The Segunda División has received numerous criticisms, chiefly due to the lack of stability in the process of competition and promotion, and the lack of professionalism. Most critics accuse the football federation president, Manuel Burga, as the cause of the problems and an unpopular figure recently in Peruvian football.
The Segunda División has several times changed the number of teams that operate in the league. Over the course of 74 years, the Segunda has had as few as four teams and as many as 16. The early Segunda División were played with an average number of teams ranging from 4 to 10. Prior to the current 12-club Segunda División, during the 2000s, the team count continued to fluctuate between 10, 12, 14, 16 and even a surprising 13. For example, 12 teams competed in 2009, 10 competed in 2008, 11 competed in 2007, and 12 teams competed from 2004-2006. In 2001 and 2002, the Segunda División played with a record 16 teams.
Several stadiums used in the second division have artificial grass installed for the so-called massification of sport. Most stadiums in Peru are owned by the IPD (Instituto Peruano del Deporte), which is the state group responsible for supporting the use of artificial turf. This has been severely criticized by top division teams and the media. At first, these artificial turfs were installed for the 2005 FIFA U-17 World Cup; however, more artificial turf was installed in other stadiums after the U-17 World Cup concluded. These turfs are criticized for having a negative influence on the game and for the injuries which they cause to players.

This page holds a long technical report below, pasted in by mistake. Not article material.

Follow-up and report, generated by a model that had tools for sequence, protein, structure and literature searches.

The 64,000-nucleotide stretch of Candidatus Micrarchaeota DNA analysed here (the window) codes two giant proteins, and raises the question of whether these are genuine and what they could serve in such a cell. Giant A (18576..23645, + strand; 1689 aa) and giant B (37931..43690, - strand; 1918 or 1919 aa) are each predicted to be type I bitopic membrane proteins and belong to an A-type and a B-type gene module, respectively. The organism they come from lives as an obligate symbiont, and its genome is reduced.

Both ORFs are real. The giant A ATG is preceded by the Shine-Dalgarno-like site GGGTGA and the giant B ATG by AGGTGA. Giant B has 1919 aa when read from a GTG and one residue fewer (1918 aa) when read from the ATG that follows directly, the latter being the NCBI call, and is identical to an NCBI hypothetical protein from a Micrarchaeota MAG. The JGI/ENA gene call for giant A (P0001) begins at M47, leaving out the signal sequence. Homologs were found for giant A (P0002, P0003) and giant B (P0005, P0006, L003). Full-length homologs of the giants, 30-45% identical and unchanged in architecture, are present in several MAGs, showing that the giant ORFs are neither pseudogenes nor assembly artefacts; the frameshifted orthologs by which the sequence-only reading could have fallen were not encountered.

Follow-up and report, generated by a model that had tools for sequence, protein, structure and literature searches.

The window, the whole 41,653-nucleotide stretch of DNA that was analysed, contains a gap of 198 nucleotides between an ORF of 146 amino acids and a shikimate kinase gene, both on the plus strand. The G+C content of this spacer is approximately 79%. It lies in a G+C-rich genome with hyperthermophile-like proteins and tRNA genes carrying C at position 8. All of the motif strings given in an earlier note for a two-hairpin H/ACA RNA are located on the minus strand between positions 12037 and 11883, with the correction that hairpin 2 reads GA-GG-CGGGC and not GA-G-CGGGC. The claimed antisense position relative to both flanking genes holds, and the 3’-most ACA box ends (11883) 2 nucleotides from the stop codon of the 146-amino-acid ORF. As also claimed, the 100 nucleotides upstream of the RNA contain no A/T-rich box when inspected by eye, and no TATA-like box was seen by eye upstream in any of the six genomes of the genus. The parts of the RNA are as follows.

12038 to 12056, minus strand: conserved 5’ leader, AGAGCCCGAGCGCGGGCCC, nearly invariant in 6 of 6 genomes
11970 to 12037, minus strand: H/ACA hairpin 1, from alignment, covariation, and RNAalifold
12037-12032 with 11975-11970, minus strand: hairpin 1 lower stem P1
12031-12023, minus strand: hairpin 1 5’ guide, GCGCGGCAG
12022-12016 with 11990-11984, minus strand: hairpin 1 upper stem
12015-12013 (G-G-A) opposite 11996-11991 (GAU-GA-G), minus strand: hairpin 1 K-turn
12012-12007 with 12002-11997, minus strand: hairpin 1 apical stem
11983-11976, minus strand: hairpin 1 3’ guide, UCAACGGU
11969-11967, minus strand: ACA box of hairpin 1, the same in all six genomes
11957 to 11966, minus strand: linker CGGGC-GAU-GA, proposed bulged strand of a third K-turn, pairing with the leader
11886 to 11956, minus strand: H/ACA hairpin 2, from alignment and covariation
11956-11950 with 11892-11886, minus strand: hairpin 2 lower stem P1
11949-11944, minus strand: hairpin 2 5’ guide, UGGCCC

Currently, 16 clubs participate in the Segunda División, a change since the 2012 season because two teams withdrew before the start of the season. Five of the clubs are from Lima, and the remaining clubs make up the five teams from the country's interior. Prior to the current 10-club Segunda División, 12 teams competed in 2009, 10 competed in 2008, 11 competed in 2007 and 12 teams competed 2004-2006. In 2001 and 2002, the Segunda División played with a record 16 teams. In 2011, 12 teams will compete: 8 of last championship, the two relegated teams of Descentralizado and the second and third place of Copa Perú 2010.
Ciclista Lima and Unión Huaral, currently in the Copa Perú promotion tournament, have four titles won over the other clubs in Peru. Guardia Republicana, Mariscal Sucre, Unión Callao, Telmo Carbajo and Carlos Concha trail behind with 3 titles. Universidad César Vallejo, Total Clean, Cobresol, and José Gálvez are the only clubs outside the metropolitan area of Lima to have won a Segunda Division championship. In addition, Alianza Lima, Atlético Chalaco, Centro Iqueño, Defensor Lima, Deportivo Municipal, Mariscal Sucre, San Agustín, Sport Boys, and Unión Huaral are the only teams that have been champions of First and Second Division.
Deportivo Coopsol (Deportivo Aviación) is the club with the longest spell in the Segunda División, playing since 1999 when they debuted in the Segunda División.
Since the Second Division began at the national level in 2006, only 18 of the 25 regions have had representative teams in the Second Division. These are Ancash, Apurímac, Arequipa, Ayacucho, Cajamarca, Callao, Huánuco, Ica, Junín, La Libertad, Lambayeque, Lima, Loreto, Moquegua, Piura, Puno, and Ucayali.